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ER?? Tell me more please!

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14 years 1 month ago #57022 by MTaylor

How does residency compare schedule and workload-wise to life as an EM doc post residency

It was comparable. Our schedule was very nice for a residency program, however.

bjj,
not being able to "read their mind" in an instant during a pimp session does not extrapolate to not being able to think under pressure. I hated rounds, I hated pimp sessions. I never knew what the "exact answer" they were looking for...and didn't try to fake it. I was one of those students who stopped trying to look good on rounds. I didn't learn that way...and always knew the information, despite how "dumb" I may have come across. That's what's important...whether you know the info or not. Not whether you can spout off some random fact, or answer some "read my mind" question on a moments notice. In the ER, the true emergency things are protocaled. ACLS, ATLS, PALS, the ABCs, etc. You don't have to think...

The "hard cases" are those that require thought, not quick hands or actions.

Don't let pimping discourage you.

<a href=" www.coilyembrace.com " rel="nofollow" target="_blank"> www.coilyembrace.com </a>

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14 years 1 week ago #57023 by mm's mom
Just wanted to address a few of your questions:

I started my job this year after finishing residency. I work part time - 2 to 3 shifts per week, usually 8 hour shifts. I have a 7 month old baby. I work one or two weekends/mo. In my group, weekends are divided equally among everyone. We have a few people who do mostly nights and the remaining nights are divided equally (only about 10/yr for me). We are paid hourly, and since I'm part time, I get $10 less per hour than full time. I have not experienced any discrimination for working part time. I don't qualify for benefits (health insurance) as PT, but my husband gets thrm through his employer.

For me, it has been a great balance. I'm really happy with it. I feel like all my hard work of med school/residency has paid off and my life is what I wanted.

Good luck with your decision! :)

Originally posted by plum:


A few questions however.....I realize, as when I was an RN that there are many nights and weekends that need to be covered. How do ER docs like this? Is it usually done equitably or is it like CTU in my hospital....you're on nights until someone dies or retires....years!!! Are there some ER moms out there that can tell me how it is? The guy today, who is the chair of a residency program in my state said that it is even possible to start out part time. True? False? Is it a bad idea to start out part time (i.e. is it bad skill-wise?). I know of many women in medicine personally who really get the shaft working part time. They get disproportionally less pay, they are not partners, other physicians are rude/ judgemental, etc. Does this exist in ER?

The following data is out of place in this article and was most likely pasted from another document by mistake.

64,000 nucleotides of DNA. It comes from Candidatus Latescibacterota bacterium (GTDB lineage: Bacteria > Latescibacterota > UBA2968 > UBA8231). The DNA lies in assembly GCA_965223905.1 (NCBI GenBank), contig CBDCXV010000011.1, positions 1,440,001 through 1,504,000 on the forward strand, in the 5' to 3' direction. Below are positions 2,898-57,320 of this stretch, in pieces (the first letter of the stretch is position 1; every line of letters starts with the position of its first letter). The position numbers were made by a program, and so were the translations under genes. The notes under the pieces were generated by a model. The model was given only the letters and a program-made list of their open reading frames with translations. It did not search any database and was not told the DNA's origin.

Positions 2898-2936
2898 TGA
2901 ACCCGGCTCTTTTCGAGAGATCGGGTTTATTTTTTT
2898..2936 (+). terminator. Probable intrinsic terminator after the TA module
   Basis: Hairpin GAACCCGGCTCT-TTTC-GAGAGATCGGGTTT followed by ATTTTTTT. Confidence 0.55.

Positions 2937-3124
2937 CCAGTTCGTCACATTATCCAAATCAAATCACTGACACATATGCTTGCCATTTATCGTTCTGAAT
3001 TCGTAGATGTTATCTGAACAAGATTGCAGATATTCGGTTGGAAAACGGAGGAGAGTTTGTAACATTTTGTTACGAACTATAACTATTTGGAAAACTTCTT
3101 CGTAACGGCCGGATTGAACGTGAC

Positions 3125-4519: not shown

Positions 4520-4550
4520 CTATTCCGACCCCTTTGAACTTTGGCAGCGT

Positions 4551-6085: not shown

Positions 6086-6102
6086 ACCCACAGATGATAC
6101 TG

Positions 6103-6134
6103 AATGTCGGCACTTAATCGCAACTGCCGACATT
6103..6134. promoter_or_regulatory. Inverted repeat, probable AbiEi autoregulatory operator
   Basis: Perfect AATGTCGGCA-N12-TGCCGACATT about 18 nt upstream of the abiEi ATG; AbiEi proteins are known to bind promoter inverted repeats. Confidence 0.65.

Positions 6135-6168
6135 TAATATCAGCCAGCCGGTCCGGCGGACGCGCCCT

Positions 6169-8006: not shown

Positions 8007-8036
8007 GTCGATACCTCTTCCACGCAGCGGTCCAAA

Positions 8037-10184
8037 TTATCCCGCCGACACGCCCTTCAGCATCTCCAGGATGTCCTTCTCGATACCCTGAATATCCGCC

The doc today said burnout is not as big a problem as is thought. Just wondering what experience any have had with this and if anyone thinks that burnout is significantly higher or lower in ER versus specialties. I'm sure this depends on the venue and let me just say that my long term interest would be a medium size community hospital, not urban or ultra rural, or academic.

Part of the reason I am attracted to this specialty is that I think I'd like the work (though obviously I need to investigate this further, but I did work as an RN for 5 years so I have an idea of what goes on in the ER) AND it would be flexible enough that my husband wouldn't have to forego his entire career. My long term goal is kids and NOT working 60-80 hours a week, more like 30-40 if I can swing it. Seems like it would be easier to swing if I were working some off hours like pms and nights. I would like to be able to make my loan payment each month and also have enough money for a decent, comfortable life.

Thanks, sorry for the ramble. Just looking for some ER input.

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